NEW YORK (TheStreet) -- Shares of Michael Kors (KORS) were sliding in pre-market trading on Wednesday after the company posted a larger-than-anticipated drop in comparable-store sales for the 2017 fiscal first quarter and gave a downbeat outlook.

Before today's opening bell, the luxury retailer said comparable-store sales fell 7.4% during the first quarter. Analysts had forecast a decrease of 4.7%, Reuters noted.

For the fiscal second quarter, the company sees earnings per share between 84 cents and 88 cents on revenue of $1.07 billion to $1.085 billion. Analysts are looking for earnings of $1.03 per share on revenue of $1.11 billion.

Full-year earnings are expected to be between $4.56 and $4.64, while Wall Street is modeling earnings of $4.60 per share.

Revenue for fiscal 2017 is expected to be flat compared to the prior year and comparable-sales are projected to decline in the mid-single digit range.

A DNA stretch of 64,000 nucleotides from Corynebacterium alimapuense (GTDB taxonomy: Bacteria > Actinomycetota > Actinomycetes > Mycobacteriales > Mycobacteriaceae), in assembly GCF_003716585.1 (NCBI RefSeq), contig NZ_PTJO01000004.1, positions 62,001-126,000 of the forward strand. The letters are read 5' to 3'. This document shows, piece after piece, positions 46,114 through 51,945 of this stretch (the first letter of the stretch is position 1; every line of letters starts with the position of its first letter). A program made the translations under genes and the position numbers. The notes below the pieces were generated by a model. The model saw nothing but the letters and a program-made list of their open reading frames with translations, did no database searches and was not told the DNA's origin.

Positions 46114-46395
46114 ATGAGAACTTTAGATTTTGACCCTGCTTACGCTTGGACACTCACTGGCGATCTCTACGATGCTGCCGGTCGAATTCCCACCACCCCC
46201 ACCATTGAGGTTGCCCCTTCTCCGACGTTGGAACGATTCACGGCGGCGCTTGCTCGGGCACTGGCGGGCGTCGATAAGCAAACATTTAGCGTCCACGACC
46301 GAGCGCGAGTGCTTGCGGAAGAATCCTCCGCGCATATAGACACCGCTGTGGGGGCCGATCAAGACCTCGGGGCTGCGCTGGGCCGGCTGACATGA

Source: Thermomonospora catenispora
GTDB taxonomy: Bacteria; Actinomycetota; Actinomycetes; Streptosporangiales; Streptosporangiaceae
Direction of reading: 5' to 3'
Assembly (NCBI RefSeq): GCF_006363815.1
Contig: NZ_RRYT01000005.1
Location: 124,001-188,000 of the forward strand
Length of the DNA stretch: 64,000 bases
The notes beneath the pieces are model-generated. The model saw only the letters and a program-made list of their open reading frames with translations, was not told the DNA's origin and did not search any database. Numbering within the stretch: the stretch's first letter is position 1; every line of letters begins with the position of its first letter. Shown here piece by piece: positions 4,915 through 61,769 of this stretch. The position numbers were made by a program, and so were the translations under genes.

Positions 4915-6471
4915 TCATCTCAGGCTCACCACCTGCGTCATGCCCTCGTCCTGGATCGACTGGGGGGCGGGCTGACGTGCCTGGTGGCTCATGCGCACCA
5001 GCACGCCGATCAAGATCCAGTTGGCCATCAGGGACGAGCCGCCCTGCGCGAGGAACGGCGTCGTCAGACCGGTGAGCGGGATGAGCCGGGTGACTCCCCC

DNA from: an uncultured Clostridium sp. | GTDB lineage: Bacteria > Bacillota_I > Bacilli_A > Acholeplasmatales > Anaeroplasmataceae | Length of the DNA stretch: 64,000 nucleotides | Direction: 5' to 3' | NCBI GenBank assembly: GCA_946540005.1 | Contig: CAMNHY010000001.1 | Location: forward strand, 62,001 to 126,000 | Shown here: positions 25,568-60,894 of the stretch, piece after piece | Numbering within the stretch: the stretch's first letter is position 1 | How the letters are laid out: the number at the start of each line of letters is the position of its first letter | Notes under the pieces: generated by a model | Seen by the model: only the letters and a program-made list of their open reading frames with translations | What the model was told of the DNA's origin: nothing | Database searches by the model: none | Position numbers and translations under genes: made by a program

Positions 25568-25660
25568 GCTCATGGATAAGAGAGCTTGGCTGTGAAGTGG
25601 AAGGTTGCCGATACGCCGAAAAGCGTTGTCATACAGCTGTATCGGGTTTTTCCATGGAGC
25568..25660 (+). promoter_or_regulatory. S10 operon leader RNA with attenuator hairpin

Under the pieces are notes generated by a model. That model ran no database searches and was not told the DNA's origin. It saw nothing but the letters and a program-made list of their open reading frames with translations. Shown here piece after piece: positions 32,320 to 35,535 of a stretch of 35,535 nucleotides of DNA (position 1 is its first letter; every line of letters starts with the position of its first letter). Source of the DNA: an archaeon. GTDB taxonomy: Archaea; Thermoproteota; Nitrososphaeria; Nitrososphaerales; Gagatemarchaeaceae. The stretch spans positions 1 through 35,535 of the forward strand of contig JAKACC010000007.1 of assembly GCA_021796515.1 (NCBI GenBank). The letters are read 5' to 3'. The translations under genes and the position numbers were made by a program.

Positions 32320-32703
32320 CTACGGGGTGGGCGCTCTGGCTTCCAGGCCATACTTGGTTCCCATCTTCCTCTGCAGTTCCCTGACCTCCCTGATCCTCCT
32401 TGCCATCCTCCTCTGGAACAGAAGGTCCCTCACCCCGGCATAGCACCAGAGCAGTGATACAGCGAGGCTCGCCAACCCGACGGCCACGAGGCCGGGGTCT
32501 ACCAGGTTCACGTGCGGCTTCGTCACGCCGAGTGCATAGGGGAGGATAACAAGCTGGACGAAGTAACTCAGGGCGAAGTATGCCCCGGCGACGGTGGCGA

For the first quarter, Michael Kors posted adjusted earnings of 88 cents per diluted share, topping analysts' estimates of 74 cents per share. Revenue for the quarter was $987.9 million, above expectations of $953 million.

"Progress was muted by the continued decline in mall traffic trends as well as a decrease in tourism in certain major cities which negatively impacted our comparable sales performance during the quarter," CEO John Idol said in a statement.

Separately, TheStreet Ratings Team has a "Hold" rating with a score of C+ on the stock.

The primary factors that have impacted the rating are mixed. The company's strengths can be seen in multiple areas, such as its revenue growth, largely solid financial position with reasonable debt levels by most measures and notable return on equity.

But the team also finds that net income has been generally deteriorating over time.

Recently, TheStreet Ratings objectively rated this stock according to its "risk-adjusted" total return prospect over a 12-month investment horizon. Not based on the news in any given day, the rating may differ from Jim Cramer's view or that of this articles's author.

You can view the full analysis from the report here: KORS

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